The Art of Cursive

This spring, students are perfecting their penmanship as members of the brand new Middle School Cursive Club! Once a curriculum requirement, now a seemingly dying art, cursive is a looped writing style that, when done correctly, saves time while looking beautiful. Middle School Head Mary Rafferty, the club’s supervisor, was inspired to assemble this group after learning that many of her students couldn’t read cursive handwriting. “Students would say to me, ‘Ms. Rafferty, your handwriting is so pretty, but I can’t read it.”

The Club is comprised of a small yet solid group of students eager to improve their calligraphy skills. “I joined because my grandparents write in cursive and I wanted to be able to read it,” one member explained. “My partner in Spanish class knows how to write in cursive and I wanted to learn too!” added another.

A recent Cursive Club meeting began with the group using sheets of specially lined paper to trace letters and practice their shapes. With cursive, repetition is key. The students’ hands (and minds) get accustomed to the shape and flow of the letters the more they write them.  

“I like writing the upper case letters!” one student shared. “I like lower case!!” her friend countered. While they may not agree on the best “case,” the majority concurred that their favorite letters to write are ‘Z’ and ‘L’, while the hardest letter to master is the capital ‘S’.

Throughout their study, Ms. Rafferty has given her students helpful tips and guidance. For example, did you know that being mindful of your posture and writing with your paper on a slant can help your cursive to flow easier? “When your letters look shaky, you’re being too stiff, “ Ms. Rafferty explained. “Lack of flow is what’s holding you back.”

To demonstrate this, Ms. Rafferty asked her students to stand up and move their arms in circles as if they were conducting an orchestra. She reminded them to move smoothly, avoiding any stiffness. “When you’re writing in cursive you’ll do this same movement, just on a smaller scale,” she noted. She also emphasized the importance of keeping a gentle grip on the pencil.

With their arms warmed up, the students moved to the whiteboards for a new exercise. Remembering to keep it loose and go with the flow, they each wrote a continuous line of loops, making sure they were the proper size and shape. “Not too tight!” Ms. Rafferty urged them. “You’re getting there!” After several rounds, the students moved on to practicing their signatures. “They are looking very official!” Ms. Rafferty exclaimed. “Don’t forget, the upper case letters should be bigger than the lower case.”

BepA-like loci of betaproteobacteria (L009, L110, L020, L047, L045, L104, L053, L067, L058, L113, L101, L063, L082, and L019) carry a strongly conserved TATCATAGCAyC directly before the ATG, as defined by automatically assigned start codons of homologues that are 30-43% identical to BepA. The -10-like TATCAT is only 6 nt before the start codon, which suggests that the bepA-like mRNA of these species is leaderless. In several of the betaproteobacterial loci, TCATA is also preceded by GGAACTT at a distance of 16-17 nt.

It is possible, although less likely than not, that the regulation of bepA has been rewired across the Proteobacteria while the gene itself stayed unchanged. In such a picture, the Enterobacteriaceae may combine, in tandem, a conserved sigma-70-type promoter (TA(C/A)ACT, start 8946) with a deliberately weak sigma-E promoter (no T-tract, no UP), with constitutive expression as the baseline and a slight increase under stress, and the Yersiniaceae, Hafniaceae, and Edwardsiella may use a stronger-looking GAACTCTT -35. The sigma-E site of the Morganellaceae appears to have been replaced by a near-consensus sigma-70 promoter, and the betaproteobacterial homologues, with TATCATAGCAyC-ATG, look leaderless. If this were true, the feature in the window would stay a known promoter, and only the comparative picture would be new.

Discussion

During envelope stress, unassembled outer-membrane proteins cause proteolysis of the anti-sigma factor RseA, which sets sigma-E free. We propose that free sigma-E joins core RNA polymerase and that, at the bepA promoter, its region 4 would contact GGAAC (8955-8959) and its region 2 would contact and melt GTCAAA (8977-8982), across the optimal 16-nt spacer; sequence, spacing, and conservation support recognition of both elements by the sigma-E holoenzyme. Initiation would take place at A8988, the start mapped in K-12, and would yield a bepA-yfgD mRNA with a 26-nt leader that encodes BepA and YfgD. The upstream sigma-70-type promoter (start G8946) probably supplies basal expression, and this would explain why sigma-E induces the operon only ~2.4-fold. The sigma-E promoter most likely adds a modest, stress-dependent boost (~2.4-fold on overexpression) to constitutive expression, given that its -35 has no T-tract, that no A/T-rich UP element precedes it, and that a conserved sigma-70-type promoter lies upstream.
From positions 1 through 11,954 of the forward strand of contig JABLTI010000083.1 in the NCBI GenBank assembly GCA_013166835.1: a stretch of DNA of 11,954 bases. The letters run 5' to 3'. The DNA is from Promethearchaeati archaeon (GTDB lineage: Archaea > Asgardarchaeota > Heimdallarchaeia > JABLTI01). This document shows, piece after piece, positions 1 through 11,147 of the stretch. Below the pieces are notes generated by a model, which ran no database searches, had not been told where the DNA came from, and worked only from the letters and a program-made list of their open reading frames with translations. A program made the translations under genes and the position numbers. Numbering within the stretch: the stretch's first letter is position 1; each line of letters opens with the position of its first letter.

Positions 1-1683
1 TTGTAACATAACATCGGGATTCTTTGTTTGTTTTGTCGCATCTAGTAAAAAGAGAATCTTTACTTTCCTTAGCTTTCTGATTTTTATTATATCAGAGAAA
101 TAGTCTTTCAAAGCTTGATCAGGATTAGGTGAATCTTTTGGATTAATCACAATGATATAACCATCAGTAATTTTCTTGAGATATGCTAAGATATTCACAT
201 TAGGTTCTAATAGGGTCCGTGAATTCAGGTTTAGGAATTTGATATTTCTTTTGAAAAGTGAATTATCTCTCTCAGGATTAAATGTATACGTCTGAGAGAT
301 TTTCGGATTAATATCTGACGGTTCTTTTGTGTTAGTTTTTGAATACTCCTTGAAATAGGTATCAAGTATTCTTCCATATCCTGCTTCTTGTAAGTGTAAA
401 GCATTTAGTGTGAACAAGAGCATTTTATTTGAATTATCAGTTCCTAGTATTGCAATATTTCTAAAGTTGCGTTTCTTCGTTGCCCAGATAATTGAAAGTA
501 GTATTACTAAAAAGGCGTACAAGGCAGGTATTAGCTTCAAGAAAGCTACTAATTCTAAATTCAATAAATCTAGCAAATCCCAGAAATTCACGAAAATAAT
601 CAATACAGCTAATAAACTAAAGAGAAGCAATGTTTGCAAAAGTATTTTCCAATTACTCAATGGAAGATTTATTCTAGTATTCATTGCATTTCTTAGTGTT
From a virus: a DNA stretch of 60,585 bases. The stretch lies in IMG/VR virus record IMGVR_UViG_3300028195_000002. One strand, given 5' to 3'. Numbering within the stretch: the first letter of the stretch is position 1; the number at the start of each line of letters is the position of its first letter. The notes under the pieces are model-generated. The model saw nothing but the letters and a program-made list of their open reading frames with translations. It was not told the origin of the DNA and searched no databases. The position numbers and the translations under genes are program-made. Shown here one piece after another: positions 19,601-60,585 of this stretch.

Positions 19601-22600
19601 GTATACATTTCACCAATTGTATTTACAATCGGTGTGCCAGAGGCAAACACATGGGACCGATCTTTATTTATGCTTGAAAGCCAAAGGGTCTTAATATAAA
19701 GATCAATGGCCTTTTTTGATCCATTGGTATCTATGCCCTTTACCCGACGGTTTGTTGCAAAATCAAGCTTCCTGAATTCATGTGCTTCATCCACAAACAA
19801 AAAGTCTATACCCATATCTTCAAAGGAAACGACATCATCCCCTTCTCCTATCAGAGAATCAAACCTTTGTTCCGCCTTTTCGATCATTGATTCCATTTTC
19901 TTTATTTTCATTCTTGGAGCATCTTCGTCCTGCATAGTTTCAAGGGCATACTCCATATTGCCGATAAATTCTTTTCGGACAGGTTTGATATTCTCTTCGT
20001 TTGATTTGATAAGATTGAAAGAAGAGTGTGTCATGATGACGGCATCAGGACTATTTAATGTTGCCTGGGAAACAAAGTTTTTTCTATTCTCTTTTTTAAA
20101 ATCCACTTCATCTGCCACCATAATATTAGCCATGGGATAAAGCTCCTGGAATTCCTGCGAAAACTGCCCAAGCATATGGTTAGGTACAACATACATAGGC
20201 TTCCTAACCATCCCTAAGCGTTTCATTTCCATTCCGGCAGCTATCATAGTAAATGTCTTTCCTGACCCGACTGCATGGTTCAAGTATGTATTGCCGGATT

When their hands got tired, the students had the option to put down their pencils and work on iPads, using a virtual chalkboard application that allows them to trace letters, words and sentences using their fingers. “Cursive will be faster than print once you get the hang of it!” Ms. Rafferty encouraged them.

To finish their recent meeting, the students were given a special challenge… writing this sentence: The quick brown fox jumps over the lazy dog. What makes this sentence so unique? “It uses every single letter of the alphabet!” one student exclaimed.

The long sentence seemed daunting at first, but their teacher was close at hand to answer tricky questions like, “How do I connect an ‘o’ to an ‘x’?” By the close of the meeting each student had successfully written the sentence in full.

While they gathered up their belongings and headed to their next class, Ms. Rafferty encouraged the club members to continue their cursive practice during spring recess. “I’m going to write letters in the snow!” one student exclaimed. “I’ll be away at the beach,” said another, to which her teacher replied, “Well then you can write your letters in the sand!”